GM, Pay Back the Money

Why Ohio has leverage in its dealings with an auto giant.

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**I provided an update on this story here.

Last year, General Motors closed its plant in Lordstown, Ohio, where, among other vehicles, the Chevy Cruze was manufactured. The closing received significant attention at the time due to the fact that President Donald Trump had pledged during his 2016 campaign that the plant would stay open — famously telling GM workers not to sell their homes — and because GM shuttering a facility in Ohio was treated a perfect emblem of the broader decline of Midwestern manufacturing.

But the closing was also an affront to Ohio taxpayers, who subsidized the plant with tens of millions of dollars. And they would like it back now.

Specifically, the state’s Development Services Agency has recommended to the Ohio Tax Credit Authority that it recoup about $60 million in payouts to GM. A provision of the company’s economic development contract with the state allows Ohio to demand money back if GM didn’t hold up its end of the bargain — which GM certainly did not, since it was supposed to maintain the Lordstown plant through at least 2037 to receive the full amount of subsidies promised.

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In economic development, this is what’s known as a “clawback” provision. It gives the local government the ability to claw back (see?) money given to corporations that don’t fulfill their investment or job creation promises. If successful, Ohio forcing GM to pay back $60 million would constitute the largest economic development clawback in American history.

In a brief supporting the clawback, Ohio Republican Attorney General Dave Yost laid out the clear economic rationale for demanding GM repay the state:

GM is entitled to make its business decisions. It must also bear the costs of those decisions. If the Authority choses to abandon the rights of Ohio taxpayers to the refund, then the Authority is committing the moral hazard of saddling Ohio taxpayers with GM’s business risk.

Doing so is particularly abhorrent when GM has the ability to pay the refund (one percent of its first-year cost savings from the closure, and less than 5 basis points of its annual revenues5) and GM continues to benefit from tax incentives for other Ohio plants. Does the Authority want to send the message that GM and others like it can walk away from their commitments to Ohioans at any time with impunity?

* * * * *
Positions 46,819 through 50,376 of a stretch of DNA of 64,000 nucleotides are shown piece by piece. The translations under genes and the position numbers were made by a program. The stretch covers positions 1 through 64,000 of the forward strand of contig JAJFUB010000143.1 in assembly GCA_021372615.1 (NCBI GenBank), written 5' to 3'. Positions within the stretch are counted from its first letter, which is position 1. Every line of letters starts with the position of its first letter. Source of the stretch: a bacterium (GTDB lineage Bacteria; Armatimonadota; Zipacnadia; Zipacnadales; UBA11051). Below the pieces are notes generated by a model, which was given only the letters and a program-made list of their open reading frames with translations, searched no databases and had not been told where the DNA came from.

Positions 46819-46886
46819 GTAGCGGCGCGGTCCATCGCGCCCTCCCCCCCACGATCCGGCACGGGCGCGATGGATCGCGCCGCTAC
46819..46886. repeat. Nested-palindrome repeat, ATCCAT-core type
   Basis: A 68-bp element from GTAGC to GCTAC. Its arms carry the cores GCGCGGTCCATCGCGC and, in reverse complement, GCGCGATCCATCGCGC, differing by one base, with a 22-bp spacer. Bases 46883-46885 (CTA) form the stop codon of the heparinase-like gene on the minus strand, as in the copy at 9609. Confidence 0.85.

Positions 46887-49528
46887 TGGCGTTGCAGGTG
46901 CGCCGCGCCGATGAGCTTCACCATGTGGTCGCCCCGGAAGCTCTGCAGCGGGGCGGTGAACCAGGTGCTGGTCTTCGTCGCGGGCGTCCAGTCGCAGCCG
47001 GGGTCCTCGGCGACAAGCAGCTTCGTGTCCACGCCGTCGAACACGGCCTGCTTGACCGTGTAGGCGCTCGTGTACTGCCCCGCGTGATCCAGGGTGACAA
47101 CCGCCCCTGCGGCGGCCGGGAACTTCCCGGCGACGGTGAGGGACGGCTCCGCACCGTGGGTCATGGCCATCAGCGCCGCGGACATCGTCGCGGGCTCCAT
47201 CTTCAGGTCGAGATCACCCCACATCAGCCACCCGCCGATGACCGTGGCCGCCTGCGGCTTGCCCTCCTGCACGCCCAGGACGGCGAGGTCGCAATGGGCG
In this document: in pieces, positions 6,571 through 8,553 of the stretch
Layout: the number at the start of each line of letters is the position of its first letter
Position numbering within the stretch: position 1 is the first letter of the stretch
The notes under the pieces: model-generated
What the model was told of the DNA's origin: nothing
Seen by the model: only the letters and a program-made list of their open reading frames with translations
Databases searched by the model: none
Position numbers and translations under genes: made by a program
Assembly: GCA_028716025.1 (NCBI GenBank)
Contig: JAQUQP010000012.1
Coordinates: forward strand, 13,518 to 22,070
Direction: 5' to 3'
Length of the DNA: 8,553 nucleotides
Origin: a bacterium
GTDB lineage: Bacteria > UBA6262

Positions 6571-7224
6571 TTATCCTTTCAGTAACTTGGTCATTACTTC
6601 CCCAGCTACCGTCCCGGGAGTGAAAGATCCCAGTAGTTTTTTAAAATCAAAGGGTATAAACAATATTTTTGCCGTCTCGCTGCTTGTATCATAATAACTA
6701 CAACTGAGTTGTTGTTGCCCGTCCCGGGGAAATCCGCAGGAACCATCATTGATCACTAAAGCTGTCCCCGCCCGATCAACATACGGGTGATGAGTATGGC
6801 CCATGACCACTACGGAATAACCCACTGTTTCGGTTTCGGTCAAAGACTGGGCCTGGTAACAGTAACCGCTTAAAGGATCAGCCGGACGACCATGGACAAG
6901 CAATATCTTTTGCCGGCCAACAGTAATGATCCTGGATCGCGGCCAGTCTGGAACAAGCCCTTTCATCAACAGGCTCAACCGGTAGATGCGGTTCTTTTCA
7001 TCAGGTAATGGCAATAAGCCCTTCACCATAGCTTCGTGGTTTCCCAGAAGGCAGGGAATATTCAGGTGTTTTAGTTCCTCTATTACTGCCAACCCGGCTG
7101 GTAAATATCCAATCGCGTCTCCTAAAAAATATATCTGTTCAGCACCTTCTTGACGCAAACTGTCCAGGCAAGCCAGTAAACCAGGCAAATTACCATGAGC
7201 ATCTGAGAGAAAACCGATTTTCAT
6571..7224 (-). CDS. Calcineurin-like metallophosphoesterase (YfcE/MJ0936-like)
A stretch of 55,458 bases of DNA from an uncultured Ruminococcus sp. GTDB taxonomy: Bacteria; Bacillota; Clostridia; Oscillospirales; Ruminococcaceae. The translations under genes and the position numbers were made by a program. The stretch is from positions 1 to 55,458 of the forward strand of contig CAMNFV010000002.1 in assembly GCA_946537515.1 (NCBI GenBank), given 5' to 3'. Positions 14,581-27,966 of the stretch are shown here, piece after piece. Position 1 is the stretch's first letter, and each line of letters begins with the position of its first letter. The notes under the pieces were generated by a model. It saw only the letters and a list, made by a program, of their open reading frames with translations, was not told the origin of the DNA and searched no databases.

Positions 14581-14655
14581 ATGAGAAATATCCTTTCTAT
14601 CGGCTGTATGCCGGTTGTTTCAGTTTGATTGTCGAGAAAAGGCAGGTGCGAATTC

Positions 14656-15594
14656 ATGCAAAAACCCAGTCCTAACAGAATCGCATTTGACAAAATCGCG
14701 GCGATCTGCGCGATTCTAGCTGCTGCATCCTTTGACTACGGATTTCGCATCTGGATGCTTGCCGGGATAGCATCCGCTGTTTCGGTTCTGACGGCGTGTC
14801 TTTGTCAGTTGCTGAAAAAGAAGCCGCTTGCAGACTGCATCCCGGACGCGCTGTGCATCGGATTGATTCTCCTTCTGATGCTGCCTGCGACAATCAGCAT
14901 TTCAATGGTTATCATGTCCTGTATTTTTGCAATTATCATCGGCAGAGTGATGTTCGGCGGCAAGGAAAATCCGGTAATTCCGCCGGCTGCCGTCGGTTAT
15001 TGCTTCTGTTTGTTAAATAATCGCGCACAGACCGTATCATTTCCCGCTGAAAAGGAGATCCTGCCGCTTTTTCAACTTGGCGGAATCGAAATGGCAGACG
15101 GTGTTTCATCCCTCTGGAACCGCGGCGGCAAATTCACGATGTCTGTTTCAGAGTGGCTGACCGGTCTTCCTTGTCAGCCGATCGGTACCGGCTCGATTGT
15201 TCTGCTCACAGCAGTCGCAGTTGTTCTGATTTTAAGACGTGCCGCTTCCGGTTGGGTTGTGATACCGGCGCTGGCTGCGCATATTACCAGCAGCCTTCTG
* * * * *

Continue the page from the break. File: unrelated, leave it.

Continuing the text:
Demanding any less than a full refund sends this exact message—loud and clear.

Yost’s brief also does a nice job pushing back on GM’s claims regarding why it shouldn’t have to give back anything taxpayers granted it. The whole thing is worth a read if you have a few minutes. And Yost is not the only state official voicing support for clawing back GM’s now ill-gotten gains.

Ohio Republican Gov. Mike DeWine, meanwhile, has been less hard-nosed about the payback, suggesting that GM could find a way out of the clawback demand by making other investments in the state. But it’s the very existence of the clawback provision that allows DeWine to make that case: Without the threat of the clawback hanging over it, GM could simply tell DeWine to take a hike. (If someone more knowledgeable about Ohio politics wanted to let me know about the relationship between DeWine and Yost and why they’re going good-cap, bad-cop here, that would be much appreciated.)

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Therein lies the wisdom of using — and enforcing — clawback provisions in economic development contracts. They give lawmakers a way to design agreements so corporations can’t leave taxpayers holding the bag when they up and leave town.

As this study advocating clawbacks put it back in 1990, “U.S. policymakers can avoid expensive mistakes if they tie incentives to written guarantees of job creation and other benefits.” When, as is so often the case, those benefits fail to materialize, states and cities have a way to make taxpayers whole.

Lots of states allow for clawbacks in economic development agreements, but they aren’t often enforced. Or the terms are so easily achieved that it’s hardly worth putting the provision into the contract at all. Many lawmakers, as I’ve discussed before, fear being labeled as “anti-business” if they drive too hard a bargain.

But Ohio is showing the wisdom of putting requirements into a contract up-front, and then demanding corporations pay up when they don’t follow through. Even if the $60 million in tax credits isn’t ultimately repaid — which, to be clear, I think it should be as a matter of policy and principle — policymakers have a way to leverage their own power against that of GM to demand other benefits, either in terms of investment or payouts to workers.

It’s unclear at the moment what the Ohio Tax Credit Authority intends to do. It was supposed to discuss the matter at a meeting last week, but pulled the GM item from its agenda. The Authority next meets on September 28. Yost, meanwhile, has said he will take GM to court to enforce the agreement if need be — which is good, because Ohio has a real opportunity to set a new precedent for the country, and it’d be a shame if it were wasted.

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One more thing: Readers of this newsletter will know that I was no fan of the CARES Act, the federal government’s main coronavirus response. Well, Neil deMause at Field of Schemes has dug up one more reason to dislike it: CARES Act money is subsidizing professional sports stadiums.


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— Pat Garofalo